Not convinced by with our earlier post about licensing your content in the public domain as Tantek ???elik advocates? Then consider The Pirate’s Dilemma a new book that argues we need to re-think our entire approach to copyright, content and ownership.
Matt Mason, author of The Pirate’s Dilemma, has a short article up over at Torrent Freak which highlights some of what he claims are the book’s core ideas, including the notion that piracy is often a precursor to innovation (a kind of twist on the old idea that imitation is the sincerest form of flattery).
Regardless of whether you’re in line with our earlier piece suggesting that we might all be better off if no one owned content or you’re a die-hard supporter of copyright in all its current forms, Mason’s article is a thought provoking read. Here’s one excerpt worth noting:
We live in a world where it is legal for a company to patent pigs, or any other living thing except for a full birth human being, but copying a CD you bought onto your hard drive is considered an infringement of someone else’s rights. A place where an average law abiding citizen could owe more than $12 million dollars in fines if they were sued every time they accidentally violated copyright law in a single day. A society where it’s ok for each of us to be hit with 5,000 advertising messages every 24 hours, usually without our permission, but creating a piece of art and placing it in public yourself without permission can land you in prison. This isn’t just about the pros and cons of file sharing – this is about an entire species losing its sense of perspective, failing to understand the potential of one of its most precious (and yet most abundant) resources.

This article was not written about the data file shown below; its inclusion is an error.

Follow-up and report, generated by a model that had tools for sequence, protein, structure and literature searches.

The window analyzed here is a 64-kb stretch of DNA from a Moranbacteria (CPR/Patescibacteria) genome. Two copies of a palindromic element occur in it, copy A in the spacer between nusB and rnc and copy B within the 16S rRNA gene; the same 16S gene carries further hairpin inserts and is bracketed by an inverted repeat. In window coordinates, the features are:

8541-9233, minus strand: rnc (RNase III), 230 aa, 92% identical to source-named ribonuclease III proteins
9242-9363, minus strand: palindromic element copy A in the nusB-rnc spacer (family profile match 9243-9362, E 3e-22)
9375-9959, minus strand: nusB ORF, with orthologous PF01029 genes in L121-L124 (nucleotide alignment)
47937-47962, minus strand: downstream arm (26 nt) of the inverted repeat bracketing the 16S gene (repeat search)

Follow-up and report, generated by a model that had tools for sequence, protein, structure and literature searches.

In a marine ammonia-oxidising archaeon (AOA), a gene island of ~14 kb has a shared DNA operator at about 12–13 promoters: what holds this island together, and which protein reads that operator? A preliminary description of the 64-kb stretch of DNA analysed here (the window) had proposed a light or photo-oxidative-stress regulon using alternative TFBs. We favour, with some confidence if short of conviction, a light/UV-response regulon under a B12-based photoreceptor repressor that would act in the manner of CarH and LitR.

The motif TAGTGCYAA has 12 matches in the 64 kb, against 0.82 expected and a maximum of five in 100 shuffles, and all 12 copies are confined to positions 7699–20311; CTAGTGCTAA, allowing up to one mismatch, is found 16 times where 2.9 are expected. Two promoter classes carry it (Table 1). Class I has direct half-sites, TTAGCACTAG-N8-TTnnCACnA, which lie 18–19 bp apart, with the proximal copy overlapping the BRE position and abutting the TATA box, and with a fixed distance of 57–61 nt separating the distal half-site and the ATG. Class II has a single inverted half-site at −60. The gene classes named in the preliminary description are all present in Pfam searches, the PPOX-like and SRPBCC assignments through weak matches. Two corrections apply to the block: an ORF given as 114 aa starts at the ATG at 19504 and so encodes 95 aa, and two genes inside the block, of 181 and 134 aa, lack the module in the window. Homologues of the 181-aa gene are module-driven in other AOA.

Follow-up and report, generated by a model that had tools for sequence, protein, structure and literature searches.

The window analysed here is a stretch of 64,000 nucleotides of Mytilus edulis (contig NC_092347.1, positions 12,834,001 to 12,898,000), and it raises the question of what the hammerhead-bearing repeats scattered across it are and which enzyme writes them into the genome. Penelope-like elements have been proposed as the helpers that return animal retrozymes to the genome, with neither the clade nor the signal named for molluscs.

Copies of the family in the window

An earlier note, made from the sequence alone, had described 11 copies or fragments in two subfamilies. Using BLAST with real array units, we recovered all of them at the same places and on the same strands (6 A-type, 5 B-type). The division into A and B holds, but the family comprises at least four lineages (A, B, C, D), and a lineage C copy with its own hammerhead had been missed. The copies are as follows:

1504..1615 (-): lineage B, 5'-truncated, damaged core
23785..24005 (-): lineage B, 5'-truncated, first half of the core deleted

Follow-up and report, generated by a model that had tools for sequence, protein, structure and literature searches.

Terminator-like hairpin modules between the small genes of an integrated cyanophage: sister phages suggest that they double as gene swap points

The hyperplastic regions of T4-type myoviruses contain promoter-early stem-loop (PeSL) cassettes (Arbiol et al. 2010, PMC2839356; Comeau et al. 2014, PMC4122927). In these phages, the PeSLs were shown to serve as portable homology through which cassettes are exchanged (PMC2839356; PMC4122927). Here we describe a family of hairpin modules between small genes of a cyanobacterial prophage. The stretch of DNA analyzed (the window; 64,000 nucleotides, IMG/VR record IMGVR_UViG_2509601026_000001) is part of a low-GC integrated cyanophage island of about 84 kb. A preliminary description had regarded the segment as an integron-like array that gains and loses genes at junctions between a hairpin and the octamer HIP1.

It certainly sounds like an interesting book and somehow it seems only fitting to download it via your favorite BitTorrent site.